We infer from the pleadings presented and comments made on the record during the March 16 hearing that the Family Part judge had a sense of familiarity with this matrimonial matter and "[w]e are not unsympathetic to Family Part judges who are frustrated by parties failing to comply with court orders." Entress v. Entress, 376 N.J. Super. 125, 132 (App. Div. 2005). Nevertheless, reliance on past experiences with a matter cannot substitute for the obligated factfinding to substantiate the conclusions set forth in a current order.
Thus, the court's award of counsel and expert fees made following defendant's application presented on March 16, 2006, and the order dated July 12, 2007, cannot stand. We reverse these provisions and remand this matter to the motion judge for full factfinding and assessment of the evidential basis for the conclusions reached. Foley, Inc. v. Fevco, Inc., 379 N.J. Super. 574, 588-89 (App. Div. 2005); Barnett & Herenchak, Inc. v. State of New Jersey, Dep't of Transp., 276 N.J. Super. 465, 471-73 (App. Div. 1994).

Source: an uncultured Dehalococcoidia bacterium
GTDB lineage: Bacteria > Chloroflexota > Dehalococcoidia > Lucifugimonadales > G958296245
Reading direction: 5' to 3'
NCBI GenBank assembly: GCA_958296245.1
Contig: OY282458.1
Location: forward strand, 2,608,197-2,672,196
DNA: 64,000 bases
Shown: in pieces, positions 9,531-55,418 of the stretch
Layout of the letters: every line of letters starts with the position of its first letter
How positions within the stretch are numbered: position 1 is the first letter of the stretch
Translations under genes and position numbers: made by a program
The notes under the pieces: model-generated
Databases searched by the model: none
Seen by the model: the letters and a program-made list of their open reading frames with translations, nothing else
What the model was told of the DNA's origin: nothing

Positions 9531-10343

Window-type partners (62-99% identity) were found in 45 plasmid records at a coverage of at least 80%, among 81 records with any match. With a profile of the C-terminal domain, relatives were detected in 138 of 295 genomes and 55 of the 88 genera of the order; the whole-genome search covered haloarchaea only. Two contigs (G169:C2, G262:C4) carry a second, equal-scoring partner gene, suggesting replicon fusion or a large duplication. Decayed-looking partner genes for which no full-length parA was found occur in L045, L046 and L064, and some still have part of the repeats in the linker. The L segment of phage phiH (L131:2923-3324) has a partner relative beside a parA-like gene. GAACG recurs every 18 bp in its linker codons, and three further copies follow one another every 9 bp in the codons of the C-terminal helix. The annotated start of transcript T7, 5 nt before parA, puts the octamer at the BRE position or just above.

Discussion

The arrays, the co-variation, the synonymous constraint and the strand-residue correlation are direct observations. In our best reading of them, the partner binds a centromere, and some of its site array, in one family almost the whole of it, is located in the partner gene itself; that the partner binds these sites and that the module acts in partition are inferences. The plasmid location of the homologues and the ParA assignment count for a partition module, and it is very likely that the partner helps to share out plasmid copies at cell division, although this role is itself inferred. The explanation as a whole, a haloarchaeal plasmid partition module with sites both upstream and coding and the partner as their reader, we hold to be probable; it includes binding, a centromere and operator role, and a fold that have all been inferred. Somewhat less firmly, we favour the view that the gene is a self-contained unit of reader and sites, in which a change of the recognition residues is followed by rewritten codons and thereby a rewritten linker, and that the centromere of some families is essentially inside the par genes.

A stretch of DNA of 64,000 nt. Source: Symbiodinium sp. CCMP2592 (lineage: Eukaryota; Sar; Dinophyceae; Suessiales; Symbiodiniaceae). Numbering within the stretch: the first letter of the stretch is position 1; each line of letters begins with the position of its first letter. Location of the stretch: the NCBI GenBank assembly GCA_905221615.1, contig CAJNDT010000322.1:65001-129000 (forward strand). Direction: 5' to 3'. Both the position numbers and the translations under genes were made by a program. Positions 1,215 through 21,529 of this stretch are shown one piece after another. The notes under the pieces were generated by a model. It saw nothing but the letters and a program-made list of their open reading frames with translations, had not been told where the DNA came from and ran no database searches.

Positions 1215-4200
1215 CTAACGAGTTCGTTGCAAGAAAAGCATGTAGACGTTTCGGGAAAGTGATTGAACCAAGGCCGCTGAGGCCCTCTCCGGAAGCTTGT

We briefly address plaintiff's remaining arguments. First, we reject the suggestion that the July 12, 2007, proceeding violated Rule 2:9-1, which deprives the trial court of jurisdiction after a notice of appeal was filed, except for enforcement of orders pursuant to Rule 1:10. The terms of the March 16, 2007 order communicate its interlocutory nature and the need for further court intervention if a consent order could not be reached. Second, the suggestion that the March 16, 2007 order was entered in contravention of the requirements of Rule 4:50-1 is without sufficient merit to warrant discussion in a written opinion. R. 2:11-3(e)(1)(E). Finally, there is no basis to substantiate that an appearance of bias or prejudice results from the judge's prior involvement with this matter.
Reversed and remanded.